He has so many people signed up under him he may actually make some money. If, however, he makes enough to actually impact his finances he may well alienate his sisters and friends in the process.

I've told him I'm signed up and it ends there. No more talk, no pressure to attend meetings, and don't push me to try selling this to every person I meet on the street. I like a few products and will buy them when I need them, but if any more pressure is applied I will not renew.

beckygoesape

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Re: The Amway "housewarming" party (FauxPasofYear1114-06)
« Reply #20 on: February 24, 2007, 11:56:00 AM »
My husband and I, while we were in college, invited some friends over for dinner.  We were in an italian cooking mood.  I made a huge meal, baked fresh breads, lasagna, alfredo.  It was very over the top simply because we got some sort of windfall and we could.

After the meal we wanted to show a video that we thought they'd like, since we all knew each other from being in theatre.  My husband introduces this with, "And now we'd like to show you something!"

Our guests turned three shades of white.  One mumbled to his wife, "If this is Amway we gotta go!"  My husband and I looked at each other confused.  Then it hit us.  Amway salesmen had been running rampant in our little college community.  When we said that it was just a movie we all had a good laugh.

Becky

FUNKIEFAIRY

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Re: The Amway "housewarming" party (FauxPasofYear1114-06)
« Reply #21 on: February 24, 2007, 02:19:49 PM »
LOL Hubby just reminded me of our once sitting in a coffee shop in the bay area, there were about 20-40 people in this place, which did poetry readings and other such things.

A small group of people with acoustic guitars and things took the stage, and we were waiting for something like maybe bluegrass or celtic music, The man leans into the mic, looks all around the room, and says 'The REAL reason we're all here tonight is to learn about the wonderful world of Amway'

For a second you could have heard a pin drop, then the whole room cracked up. Thank goodness he was joking, after reading some of these stories, it might have been true lol.

Hugs, Fabby  :)

LOL!!! :o I choked on my sandwich laughing at this! While trying to pay for school, I was working as a waitress at the local pizza place. Every week, a group of well-dressed people would come in for a business type meeting and they would occasionally try to get us to stay in and listen to what they had to say, but we always declined. One night, we were completely dead except for this group, so as they were comming in, one of them stopped to chat at the counter with me. At first it was polite and the typical "nice weather we're having." kind of chat between strangers, but then it quickly became a sales pitch and wanting me to "make loads of money" doing almost nothing. I smiled politely and said "No thanks! I like doing something." and walked away. From that moment on, I became their number one target, they would leave their tips folded around business cards and pamplets under plates. I was glad to quit that job!  :D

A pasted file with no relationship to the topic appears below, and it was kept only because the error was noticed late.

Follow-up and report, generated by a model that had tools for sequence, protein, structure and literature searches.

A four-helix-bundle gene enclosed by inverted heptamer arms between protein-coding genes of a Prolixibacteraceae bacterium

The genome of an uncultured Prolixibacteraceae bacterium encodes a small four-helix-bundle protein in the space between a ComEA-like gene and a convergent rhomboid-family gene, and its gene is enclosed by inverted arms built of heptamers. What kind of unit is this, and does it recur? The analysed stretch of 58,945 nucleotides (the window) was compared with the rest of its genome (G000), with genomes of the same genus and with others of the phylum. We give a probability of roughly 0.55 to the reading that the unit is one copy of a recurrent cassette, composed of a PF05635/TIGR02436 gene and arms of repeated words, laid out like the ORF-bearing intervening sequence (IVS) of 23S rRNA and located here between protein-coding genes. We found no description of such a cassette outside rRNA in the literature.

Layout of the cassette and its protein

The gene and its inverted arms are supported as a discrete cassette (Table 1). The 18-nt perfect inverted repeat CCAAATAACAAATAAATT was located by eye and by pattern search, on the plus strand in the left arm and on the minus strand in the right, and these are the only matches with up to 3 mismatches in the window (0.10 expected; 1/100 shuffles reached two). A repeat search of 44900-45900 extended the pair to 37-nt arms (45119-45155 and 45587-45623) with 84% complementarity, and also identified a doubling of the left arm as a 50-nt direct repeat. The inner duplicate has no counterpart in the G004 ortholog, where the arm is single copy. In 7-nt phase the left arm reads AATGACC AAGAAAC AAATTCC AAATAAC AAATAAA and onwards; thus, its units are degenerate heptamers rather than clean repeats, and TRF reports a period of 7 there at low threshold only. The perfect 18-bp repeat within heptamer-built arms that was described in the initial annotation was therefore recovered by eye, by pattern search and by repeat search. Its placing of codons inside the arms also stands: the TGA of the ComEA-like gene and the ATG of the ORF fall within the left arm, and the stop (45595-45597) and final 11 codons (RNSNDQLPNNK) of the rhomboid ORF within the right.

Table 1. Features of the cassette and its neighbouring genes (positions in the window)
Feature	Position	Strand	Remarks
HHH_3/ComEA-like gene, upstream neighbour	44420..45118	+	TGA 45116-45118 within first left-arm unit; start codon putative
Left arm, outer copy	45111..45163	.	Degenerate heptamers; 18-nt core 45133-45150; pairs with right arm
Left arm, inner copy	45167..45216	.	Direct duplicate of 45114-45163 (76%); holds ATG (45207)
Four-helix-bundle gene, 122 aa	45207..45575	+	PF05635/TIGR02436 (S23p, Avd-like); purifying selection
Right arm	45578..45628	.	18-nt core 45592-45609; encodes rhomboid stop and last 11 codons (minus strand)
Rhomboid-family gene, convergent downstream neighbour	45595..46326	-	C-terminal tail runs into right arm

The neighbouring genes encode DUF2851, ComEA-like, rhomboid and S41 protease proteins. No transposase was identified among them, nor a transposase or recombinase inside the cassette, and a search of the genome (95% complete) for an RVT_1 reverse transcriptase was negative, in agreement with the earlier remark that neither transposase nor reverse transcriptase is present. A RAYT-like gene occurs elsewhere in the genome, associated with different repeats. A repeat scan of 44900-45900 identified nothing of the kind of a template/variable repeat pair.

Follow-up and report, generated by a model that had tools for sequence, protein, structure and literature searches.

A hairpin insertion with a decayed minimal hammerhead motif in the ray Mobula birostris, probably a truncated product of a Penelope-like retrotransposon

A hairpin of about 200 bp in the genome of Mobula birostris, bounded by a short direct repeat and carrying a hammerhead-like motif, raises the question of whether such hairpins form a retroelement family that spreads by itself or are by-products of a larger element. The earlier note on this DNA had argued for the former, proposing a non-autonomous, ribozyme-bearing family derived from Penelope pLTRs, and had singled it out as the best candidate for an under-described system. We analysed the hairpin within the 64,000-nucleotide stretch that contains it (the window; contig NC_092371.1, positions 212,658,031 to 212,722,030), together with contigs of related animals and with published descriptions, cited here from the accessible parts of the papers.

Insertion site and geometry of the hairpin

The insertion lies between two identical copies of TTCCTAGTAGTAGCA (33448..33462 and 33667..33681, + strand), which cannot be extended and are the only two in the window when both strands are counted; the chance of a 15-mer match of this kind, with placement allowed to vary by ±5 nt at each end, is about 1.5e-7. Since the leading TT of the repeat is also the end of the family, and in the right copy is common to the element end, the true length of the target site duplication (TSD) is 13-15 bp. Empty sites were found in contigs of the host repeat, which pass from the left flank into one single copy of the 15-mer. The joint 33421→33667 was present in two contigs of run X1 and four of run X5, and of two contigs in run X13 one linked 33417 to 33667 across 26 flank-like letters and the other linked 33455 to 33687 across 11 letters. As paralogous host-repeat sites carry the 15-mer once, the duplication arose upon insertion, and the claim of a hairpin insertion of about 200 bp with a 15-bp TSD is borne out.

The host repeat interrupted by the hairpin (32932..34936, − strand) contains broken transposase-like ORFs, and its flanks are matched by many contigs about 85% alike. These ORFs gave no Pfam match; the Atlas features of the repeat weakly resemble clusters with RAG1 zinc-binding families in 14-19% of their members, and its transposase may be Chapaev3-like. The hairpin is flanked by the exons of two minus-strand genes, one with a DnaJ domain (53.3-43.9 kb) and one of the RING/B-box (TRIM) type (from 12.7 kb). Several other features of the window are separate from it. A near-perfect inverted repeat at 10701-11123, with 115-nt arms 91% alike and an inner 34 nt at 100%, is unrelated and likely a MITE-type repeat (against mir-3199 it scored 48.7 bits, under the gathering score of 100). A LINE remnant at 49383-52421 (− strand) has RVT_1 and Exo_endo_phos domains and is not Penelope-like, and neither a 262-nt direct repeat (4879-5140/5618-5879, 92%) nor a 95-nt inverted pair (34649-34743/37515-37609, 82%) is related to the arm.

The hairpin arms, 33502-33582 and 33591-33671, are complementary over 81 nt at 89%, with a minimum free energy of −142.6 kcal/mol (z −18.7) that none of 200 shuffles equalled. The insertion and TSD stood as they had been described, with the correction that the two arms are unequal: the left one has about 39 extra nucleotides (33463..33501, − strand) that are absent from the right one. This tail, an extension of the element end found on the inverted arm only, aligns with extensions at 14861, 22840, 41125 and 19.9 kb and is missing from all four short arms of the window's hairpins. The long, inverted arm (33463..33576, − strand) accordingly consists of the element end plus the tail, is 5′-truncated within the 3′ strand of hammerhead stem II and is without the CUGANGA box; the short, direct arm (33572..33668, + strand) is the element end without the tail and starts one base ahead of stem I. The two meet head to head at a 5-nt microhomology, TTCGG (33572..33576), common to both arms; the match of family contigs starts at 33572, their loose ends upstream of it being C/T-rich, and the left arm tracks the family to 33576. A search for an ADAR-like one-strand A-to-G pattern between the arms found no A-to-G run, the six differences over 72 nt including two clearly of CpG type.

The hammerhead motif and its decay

Jaywalker

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Re: The Amway "housewarming" party (FauxPasofYear1114-06)
« Reply #22 on: February 24, 2007, 04:58:52 PM »
the part about Amway that just floors me is the number of devotees who confuse it with Christianity -- don't want to buy overpriced cleaning products?  you must not be saved.  What is it with that?

Athos_000

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Re: The Amway "housewarming" party (FauxPasofYear1114-06)
« Reply #23 on: February 24, 2007, 05:25:37 PM »
Ack Quixtar! Here is my horror story:
When my best friend got married she hired a lady to do our make-up. We were supposed to meet at this lady's house and have a trial run before the wedding - ok cool free makover.. or so we thought. The lady sold Quixtar and after the makeover told us if we didn't setup an account my friend would have to pay an outrageous amount for us to have our make-up done for the wedding. Now we were all struggling college students and couldn't really afford this stuff, but were basically forced into it, if I had more backbone back then I would have stood up and left, and told them I'd do my own freaking makeup for the wedding.

unfortunately I did not have any backbone, I get my account setup and she wants me to make it so that things are automatically debited from my bank account each month. I told her I'd do that later and wouldn't let her do it at the party ( I had no intentions of doing this as I couldn't possibly use up or afford skin care things on a monthly basis). At some point before the month was up I got curious about the account and checked it...thank goodness I did - the woman had gone into my account and set it up to debit behind my back! Had I not checked it the thing would have emptied my bank account. I was sooooo mad. The account was cancelled immediately.

She did my makeup for the wedding and I looked like a clown...should have done it myself to begin with. I hope my friend didn't have to pay a ton for it but I never asked.
 


nonesuch4

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Re: The Amway "housewarming" party (FauxPasofYear1114-06)
« Reply #24 on: February 24, 2007, 05:46:03 PM »
We had an Amway guy at work. His name was Bill.  Bill talked constantly about how he was building the "business," and was constantly sprinkling his conversation with the jargon he was brainwashed into using.  

Bill sometimes replaced things in our workroom- the most memorable things being wastebaskets.  Colleague A and I were happy with our wastebaskets, and came in one morning to find them gone.  In place of our old ones were new ones that did not fit under our worktables, and therefore took up more floor space.  I went into the back room, took our old baskets out of the trash, put them back in our room, took the new Scamway ones out of the room, and stacked them out back, where Bill could do what ever he wanted with them.  Bill swapped them out a second time, I swapped them back, and told him to leave us alone.  He got quite angry as he was "only trying to help."  This was his excuse every time I told him to stop pitching "the business" to me.